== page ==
Dems. plan to force vote on federal IVF bill & test Republicans who claim they support protections

Philadelphia, Pennsylvania, USA, July 28, 2016 Senator Tammy Duckworth (D-IL) addresses the Democratic National Nominating Convention in the Wells Fargo Arena
Photo: Shutterstock

In the wake of Alabam’s ruling against IVF [in vitro fertilization], Sen. Tammy Duckworth (D-IL) is working to rush a bill through the Senate that would federally protect Americans’ right to access IVF. But multiple Republican Senators have already indicated they aren’t going to let it happen.

Duckworth is trying to pass the proposal through unanimous consent, meaning even one senator’s objection would cause the bill not to pass.

While no one has expressly stated they’re planning to vote no, Politico reported that some have hinted at their intentions to do so.

“I don’t see any need to regulate it at the federal level,” said Sen. Roger Marshall (R-KS). Marshall is an OB/GYN, a doctor who specializes in pregnancy, childbirth, and the female reproductive system. Referring to the 2022 Supreme Court decision that overturned abortion rights nationwide, Marshall said, “I think the Dobbs decision puts this issue back at the state level, and I would encourage your state legislations to protect in-vitro fertilization.”

Sen. Cindy Hyde-Smith (R-MS) reportedly voted against the same bill when Duckworth proposed it in 2022, but refused to comment on what she plans to do this time around.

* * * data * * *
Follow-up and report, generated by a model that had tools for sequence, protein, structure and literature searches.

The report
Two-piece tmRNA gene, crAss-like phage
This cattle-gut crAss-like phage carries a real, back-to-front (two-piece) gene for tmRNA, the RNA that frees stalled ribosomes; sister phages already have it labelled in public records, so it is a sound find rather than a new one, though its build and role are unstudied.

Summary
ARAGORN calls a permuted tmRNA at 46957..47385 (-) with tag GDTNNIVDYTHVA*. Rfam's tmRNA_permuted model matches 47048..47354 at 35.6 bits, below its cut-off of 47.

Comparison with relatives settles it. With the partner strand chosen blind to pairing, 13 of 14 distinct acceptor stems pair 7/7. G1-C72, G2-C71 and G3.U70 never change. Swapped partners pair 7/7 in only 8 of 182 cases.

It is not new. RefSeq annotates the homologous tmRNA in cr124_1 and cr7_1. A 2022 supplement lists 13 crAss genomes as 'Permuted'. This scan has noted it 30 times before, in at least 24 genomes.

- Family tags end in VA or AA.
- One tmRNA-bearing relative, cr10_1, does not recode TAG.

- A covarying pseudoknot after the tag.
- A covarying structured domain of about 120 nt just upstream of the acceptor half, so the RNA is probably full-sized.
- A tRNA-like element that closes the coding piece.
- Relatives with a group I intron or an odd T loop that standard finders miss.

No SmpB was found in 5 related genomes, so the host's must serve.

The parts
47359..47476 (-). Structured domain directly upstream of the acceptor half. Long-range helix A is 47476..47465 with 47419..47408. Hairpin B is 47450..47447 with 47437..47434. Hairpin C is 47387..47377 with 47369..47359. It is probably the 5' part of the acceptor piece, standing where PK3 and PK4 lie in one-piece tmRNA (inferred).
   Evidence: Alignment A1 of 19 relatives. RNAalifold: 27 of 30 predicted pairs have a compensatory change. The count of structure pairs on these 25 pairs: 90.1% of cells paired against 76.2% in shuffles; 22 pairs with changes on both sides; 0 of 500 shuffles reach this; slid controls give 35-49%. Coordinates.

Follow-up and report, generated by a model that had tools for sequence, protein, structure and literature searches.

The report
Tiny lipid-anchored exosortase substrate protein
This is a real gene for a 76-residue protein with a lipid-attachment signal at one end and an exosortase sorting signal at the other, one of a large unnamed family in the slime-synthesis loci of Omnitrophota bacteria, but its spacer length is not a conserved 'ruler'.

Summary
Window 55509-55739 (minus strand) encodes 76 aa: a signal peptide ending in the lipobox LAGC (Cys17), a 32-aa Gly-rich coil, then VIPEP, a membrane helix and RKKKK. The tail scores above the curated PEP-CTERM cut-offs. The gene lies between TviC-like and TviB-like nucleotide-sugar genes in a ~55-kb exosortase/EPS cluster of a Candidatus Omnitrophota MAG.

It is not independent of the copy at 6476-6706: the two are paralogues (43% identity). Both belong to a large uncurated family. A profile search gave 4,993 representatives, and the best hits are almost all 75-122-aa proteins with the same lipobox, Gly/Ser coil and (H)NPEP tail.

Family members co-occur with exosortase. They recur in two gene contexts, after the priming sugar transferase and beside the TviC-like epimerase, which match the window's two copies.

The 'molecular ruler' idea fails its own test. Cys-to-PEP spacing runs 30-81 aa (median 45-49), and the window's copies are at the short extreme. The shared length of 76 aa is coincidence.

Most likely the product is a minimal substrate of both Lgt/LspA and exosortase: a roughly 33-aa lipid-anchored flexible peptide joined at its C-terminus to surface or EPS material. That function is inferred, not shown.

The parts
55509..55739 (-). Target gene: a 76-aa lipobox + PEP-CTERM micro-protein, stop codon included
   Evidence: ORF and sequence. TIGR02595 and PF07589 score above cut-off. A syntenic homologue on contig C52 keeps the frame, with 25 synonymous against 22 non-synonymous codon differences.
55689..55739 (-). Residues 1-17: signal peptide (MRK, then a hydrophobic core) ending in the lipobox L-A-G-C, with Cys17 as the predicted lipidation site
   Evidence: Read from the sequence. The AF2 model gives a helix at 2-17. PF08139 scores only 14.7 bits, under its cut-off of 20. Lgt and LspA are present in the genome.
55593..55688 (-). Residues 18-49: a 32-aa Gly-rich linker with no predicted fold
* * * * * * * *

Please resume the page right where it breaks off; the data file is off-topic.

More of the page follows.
Sen. J.D. Vance (R-OH) said that, while he has not yet looked specifically at Duckworth’s bill, “it’s idiotic for us to take the bait” in regards to Democrats using the bill to force Republicans to publicly declare whether or not they support IVF.

Republicans have been scrambling to show support for IVF in the wake of the Alabama Supreme Court’s ruling. The ruling declared that frozen embryos have the same rights as children. The court’s decision has already caused several fertility clinics in the state to shut down their IVF services.

Despite pushing for decisions like that of the Alabama Supreme Court, the Republican party is now reportedly worried it will lose favor with the hordes of voters who support expanded IVF access, including many who consider themselves pro-life.

But many of these Republicans have found themselves victims of their own hypocrisy, as 125 Republicans – some of whom have released statements supporting IVF –  are co-sponsoring a bill declaring that human life begins at conception, without an exception for IVF embryos.

Duckworth used IVF to conceive her two children and recently shared her experience at a press conference.

“It’s a little personal to me when a majority male court suggests that people like me who are not able to have kids without the help of modern medicine should be in jail cells and not taking care of their babies in nurseries,” she said. “I know I’m not alone when I struggle to understand how politicians who support this kind of policy can possibly call themselves pro-life.”

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